You Can Climb Through This Web Made From 27 Miles of Tape

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12 people and ten days: That's how long the artist collective Numen / For Use says it took to create a cellophane jungle gym inside this gallery in Paris, where visitors can crawl inside their milky, transparent network like spiders on a web. How much tape did they use? Almost 30 miles.

The installation at Palais de Tokyo, which opened last month, is called Tape Paris. The tensile cocoon is strung from structural members within the former industrial building, creating a gently deforming landscape of parabolic arcs made from transparent tape. According to the artists, the wrapping began slowly, with broad strips of clear tape looping around concrete columns and beams, framing the basic structure:


After that, the project team used cranes and ladders to begin the process of shoring up gaps within the skeleton, creating what they call a "stretched biomorphic skin" made of cellophane. "The main idea was to transform the whole building into a convulsive mind/body organism whose slippery inner limits a motivated explorer has yet to trace and confront," they add.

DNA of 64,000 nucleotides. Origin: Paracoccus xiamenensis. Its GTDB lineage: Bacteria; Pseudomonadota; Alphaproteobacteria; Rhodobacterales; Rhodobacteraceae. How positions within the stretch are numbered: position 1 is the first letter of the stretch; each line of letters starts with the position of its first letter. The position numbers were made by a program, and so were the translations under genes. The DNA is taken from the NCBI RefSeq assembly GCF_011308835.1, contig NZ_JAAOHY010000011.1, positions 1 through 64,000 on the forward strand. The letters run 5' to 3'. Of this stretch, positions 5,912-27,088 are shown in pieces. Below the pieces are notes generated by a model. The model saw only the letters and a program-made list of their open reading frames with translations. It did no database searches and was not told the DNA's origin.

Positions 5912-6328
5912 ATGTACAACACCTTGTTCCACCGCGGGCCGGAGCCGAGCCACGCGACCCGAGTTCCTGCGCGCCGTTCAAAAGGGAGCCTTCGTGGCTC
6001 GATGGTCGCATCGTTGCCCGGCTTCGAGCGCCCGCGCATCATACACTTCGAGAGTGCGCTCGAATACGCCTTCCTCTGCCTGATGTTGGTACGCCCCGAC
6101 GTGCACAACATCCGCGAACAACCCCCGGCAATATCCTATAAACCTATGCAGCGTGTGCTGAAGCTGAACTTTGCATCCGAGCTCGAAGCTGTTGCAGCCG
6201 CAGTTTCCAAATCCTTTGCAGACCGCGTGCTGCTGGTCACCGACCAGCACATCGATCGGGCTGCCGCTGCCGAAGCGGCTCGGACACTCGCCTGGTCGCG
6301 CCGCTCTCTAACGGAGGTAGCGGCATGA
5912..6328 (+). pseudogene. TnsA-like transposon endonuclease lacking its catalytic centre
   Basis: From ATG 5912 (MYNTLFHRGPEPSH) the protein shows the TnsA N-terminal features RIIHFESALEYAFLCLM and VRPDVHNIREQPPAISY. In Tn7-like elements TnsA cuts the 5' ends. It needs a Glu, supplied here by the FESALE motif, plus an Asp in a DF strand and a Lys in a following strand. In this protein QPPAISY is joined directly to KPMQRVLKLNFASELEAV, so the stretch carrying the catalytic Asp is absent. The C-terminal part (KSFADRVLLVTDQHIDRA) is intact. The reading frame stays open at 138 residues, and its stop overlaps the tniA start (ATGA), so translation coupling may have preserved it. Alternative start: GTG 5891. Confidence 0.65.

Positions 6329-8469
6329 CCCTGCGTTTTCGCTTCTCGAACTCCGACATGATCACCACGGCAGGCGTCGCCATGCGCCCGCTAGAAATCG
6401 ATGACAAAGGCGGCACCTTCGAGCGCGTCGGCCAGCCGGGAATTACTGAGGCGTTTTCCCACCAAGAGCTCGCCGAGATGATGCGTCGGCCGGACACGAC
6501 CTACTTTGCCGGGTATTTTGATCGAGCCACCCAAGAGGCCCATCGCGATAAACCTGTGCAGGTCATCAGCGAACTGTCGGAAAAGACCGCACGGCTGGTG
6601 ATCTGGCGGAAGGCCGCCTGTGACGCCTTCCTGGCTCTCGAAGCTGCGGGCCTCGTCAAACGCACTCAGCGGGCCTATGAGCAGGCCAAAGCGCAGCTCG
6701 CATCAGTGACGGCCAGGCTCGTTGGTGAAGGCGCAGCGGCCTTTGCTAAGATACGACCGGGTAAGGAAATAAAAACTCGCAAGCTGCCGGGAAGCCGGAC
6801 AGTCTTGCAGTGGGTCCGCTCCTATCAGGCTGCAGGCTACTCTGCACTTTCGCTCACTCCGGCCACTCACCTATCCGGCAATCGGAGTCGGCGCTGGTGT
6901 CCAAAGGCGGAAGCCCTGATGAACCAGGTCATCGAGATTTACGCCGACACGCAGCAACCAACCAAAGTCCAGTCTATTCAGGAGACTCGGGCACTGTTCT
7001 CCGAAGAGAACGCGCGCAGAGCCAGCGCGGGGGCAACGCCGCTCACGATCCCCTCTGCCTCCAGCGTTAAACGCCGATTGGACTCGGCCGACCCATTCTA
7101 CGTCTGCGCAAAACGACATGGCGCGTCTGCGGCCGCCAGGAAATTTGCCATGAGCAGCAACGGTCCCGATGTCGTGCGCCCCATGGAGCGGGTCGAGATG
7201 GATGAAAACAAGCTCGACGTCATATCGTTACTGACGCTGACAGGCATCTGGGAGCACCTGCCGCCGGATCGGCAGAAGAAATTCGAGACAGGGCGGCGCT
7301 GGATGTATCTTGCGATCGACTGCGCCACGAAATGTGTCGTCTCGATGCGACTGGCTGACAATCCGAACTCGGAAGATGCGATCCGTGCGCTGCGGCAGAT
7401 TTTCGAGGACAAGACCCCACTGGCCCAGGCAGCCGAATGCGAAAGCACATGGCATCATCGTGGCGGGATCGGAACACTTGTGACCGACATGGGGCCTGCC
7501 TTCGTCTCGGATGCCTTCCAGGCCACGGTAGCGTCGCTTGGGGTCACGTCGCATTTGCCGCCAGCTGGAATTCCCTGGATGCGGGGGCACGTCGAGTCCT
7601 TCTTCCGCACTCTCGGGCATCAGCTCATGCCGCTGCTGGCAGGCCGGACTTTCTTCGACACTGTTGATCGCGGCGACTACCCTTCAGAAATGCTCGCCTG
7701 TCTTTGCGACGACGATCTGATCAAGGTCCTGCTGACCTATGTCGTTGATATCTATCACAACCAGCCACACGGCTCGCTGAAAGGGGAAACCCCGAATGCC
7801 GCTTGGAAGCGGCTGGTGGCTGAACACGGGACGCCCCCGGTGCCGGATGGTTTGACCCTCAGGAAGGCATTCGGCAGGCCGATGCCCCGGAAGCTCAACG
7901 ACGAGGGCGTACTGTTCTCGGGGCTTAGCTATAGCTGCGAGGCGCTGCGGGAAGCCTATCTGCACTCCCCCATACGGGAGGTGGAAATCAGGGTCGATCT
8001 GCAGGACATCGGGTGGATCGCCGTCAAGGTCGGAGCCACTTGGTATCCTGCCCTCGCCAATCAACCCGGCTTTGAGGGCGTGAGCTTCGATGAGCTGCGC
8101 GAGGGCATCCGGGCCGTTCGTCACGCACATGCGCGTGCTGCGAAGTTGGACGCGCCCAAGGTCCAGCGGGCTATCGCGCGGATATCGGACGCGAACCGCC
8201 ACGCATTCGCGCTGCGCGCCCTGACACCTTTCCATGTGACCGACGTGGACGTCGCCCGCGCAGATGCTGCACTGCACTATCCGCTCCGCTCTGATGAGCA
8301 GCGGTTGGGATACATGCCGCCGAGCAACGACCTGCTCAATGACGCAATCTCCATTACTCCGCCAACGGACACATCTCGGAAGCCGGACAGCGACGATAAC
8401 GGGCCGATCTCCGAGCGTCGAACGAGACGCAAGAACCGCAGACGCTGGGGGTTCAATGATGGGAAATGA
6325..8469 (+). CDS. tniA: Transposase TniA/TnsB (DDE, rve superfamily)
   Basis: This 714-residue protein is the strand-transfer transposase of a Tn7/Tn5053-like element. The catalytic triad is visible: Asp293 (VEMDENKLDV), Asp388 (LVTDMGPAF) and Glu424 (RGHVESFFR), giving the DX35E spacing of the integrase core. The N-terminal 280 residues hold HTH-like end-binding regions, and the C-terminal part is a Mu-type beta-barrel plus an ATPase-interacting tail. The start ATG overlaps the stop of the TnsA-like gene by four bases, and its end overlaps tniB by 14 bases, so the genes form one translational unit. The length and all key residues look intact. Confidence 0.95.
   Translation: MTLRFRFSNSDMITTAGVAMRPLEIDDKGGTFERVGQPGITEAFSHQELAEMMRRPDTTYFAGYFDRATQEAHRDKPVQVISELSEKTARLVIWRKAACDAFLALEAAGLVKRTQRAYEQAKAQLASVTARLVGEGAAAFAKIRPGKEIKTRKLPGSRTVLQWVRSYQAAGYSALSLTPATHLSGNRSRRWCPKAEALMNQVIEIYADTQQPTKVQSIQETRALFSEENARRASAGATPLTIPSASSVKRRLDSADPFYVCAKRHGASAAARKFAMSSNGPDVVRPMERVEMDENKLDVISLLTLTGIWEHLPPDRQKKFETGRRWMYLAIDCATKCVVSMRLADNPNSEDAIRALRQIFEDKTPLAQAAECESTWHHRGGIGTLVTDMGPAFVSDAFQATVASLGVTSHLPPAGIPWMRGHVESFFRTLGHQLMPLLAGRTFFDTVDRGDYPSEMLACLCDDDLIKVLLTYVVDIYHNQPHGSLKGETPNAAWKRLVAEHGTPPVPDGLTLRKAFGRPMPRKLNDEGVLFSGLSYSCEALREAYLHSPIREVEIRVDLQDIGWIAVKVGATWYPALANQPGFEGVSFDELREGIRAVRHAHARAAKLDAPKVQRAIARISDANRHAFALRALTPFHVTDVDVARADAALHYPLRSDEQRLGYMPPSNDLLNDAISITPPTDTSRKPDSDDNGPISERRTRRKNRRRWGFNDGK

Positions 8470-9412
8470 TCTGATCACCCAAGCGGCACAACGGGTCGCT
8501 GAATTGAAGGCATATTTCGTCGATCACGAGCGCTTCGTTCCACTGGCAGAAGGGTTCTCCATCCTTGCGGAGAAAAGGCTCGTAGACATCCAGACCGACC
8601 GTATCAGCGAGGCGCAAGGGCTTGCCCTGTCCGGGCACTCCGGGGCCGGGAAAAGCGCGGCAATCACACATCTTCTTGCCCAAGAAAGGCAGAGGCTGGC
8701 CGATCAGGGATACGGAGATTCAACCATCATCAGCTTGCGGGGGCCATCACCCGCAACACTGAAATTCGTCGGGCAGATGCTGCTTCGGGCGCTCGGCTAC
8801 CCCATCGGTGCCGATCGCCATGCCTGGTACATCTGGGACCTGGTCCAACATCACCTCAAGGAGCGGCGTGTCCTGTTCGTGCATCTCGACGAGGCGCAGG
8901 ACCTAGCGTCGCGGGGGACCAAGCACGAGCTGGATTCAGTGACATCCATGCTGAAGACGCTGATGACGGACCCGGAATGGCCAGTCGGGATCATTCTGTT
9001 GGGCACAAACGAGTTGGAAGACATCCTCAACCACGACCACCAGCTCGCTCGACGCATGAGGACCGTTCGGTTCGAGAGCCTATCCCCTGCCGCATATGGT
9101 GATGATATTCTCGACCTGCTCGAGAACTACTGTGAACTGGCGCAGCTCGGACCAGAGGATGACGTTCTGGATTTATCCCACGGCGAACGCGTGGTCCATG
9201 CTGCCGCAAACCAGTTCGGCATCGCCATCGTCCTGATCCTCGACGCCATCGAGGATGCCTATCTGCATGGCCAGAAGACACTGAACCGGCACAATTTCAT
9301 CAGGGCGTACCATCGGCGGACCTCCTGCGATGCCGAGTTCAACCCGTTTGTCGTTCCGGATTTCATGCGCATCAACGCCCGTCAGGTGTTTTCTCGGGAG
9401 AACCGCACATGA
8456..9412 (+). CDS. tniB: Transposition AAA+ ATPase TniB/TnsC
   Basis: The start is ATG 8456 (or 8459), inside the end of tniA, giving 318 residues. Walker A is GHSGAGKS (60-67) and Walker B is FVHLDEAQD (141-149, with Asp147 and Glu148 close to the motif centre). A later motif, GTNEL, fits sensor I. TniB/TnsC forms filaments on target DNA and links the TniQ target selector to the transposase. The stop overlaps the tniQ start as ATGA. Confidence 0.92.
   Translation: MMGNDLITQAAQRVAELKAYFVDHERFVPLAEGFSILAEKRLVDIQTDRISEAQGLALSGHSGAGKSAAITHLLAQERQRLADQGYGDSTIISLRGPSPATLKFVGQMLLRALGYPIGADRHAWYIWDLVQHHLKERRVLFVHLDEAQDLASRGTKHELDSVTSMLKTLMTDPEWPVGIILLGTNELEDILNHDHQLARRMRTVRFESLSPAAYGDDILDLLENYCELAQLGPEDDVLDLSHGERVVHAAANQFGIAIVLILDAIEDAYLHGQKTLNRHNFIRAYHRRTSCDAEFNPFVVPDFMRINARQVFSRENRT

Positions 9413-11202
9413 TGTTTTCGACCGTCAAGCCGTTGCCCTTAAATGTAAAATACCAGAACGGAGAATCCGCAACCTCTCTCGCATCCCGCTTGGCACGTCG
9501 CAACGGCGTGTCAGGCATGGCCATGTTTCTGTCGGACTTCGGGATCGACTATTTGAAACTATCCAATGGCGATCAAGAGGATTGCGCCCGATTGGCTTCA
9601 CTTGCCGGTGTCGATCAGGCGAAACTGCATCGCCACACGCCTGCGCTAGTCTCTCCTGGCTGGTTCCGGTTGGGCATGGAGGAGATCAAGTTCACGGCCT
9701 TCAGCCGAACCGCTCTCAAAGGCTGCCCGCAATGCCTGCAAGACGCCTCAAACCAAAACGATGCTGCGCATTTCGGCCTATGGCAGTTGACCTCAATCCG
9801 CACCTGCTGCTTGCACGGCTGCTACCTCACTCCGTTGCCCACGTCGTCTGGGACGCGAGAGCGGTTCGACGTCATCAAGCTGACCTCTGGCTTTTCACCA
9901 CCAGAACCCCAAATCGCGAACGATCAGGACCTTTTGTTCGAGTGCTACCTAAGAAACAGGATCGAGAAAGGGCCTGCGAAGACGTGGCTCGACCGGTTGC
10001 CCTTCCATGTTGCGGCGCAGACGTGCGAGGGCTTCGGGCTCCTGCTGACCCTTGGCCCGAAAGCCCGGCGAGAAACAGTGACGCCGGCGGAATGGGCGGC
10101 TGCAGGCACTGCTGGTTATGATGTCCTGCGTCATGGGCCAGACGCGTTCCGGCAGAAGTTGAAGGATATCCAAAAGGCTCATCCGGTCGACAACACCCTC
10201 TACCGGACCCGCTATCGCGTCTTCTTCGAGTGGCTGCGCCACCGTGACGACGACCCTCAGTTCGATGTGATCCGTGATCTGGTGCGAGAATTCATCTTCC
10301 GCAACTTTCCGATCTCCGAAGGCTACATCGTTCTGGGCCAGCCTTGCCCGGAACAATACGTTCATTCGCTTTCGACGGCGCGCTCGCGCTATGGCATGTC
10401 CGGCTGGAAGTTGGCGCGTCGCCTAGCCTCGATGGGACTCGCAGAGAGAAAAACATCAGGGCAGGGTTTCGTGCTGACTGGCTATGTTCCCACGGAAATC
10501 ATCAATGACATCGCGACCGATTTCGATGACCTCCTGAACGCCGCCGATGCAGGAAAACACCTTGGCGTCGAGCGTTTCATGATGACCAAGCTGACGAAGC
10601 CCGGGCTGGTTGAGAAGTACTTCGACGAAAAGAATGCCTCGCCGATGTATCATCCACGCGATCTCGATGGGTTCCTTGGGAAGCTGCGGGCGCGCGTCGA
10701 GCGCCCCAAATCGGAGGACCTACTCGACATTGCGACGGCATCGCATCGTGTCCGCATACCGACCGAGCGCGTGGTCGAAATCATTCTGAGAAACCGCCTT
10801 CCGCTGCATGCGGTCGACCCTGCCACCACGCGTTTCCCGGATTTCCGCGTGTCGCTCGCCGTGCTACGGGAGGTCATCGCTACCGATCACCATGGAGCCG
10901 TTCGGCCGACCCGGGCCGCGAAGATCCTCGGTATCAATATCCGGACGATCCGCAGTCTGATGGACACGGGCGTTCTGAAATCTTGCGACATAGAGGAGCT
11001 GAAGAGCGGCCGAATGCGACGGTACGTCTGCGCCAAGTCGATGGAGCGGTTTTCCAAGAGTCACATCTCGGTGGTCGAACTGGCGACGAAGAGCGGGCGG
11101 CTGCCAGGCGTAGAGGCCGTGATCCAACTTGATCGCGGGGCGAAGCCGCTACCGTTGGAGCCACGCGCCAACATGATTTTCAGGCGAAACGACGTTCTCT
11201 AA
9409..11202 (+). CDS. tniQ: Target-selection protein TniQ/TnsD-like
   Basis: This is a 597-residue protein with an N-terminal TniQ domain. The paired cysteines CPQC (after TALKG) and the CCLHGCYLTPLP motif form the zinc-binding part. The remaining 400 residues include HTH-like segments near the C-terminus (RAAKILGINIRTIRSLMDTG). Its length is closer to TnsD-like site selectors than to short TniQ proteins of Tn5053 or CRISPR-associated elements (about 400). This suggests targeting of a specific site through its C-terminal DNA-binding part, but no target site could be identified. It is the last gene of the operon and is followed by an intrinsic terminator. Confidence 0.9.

The installation is open to people who want to climb inside the hanging web—without shoes or sharp objects, of course—up to a limit of a few people. One writer at Wallpaper got to try it out, reporting back that "once you reconcile that the tensile strength from 44km worth of tape is enough to support five humans at once, the experience shifts from terrifying to transportive."

If you want to check it out for yourself—or do some Shelob cosplay—the show is open until January. [Palais de Tokyo]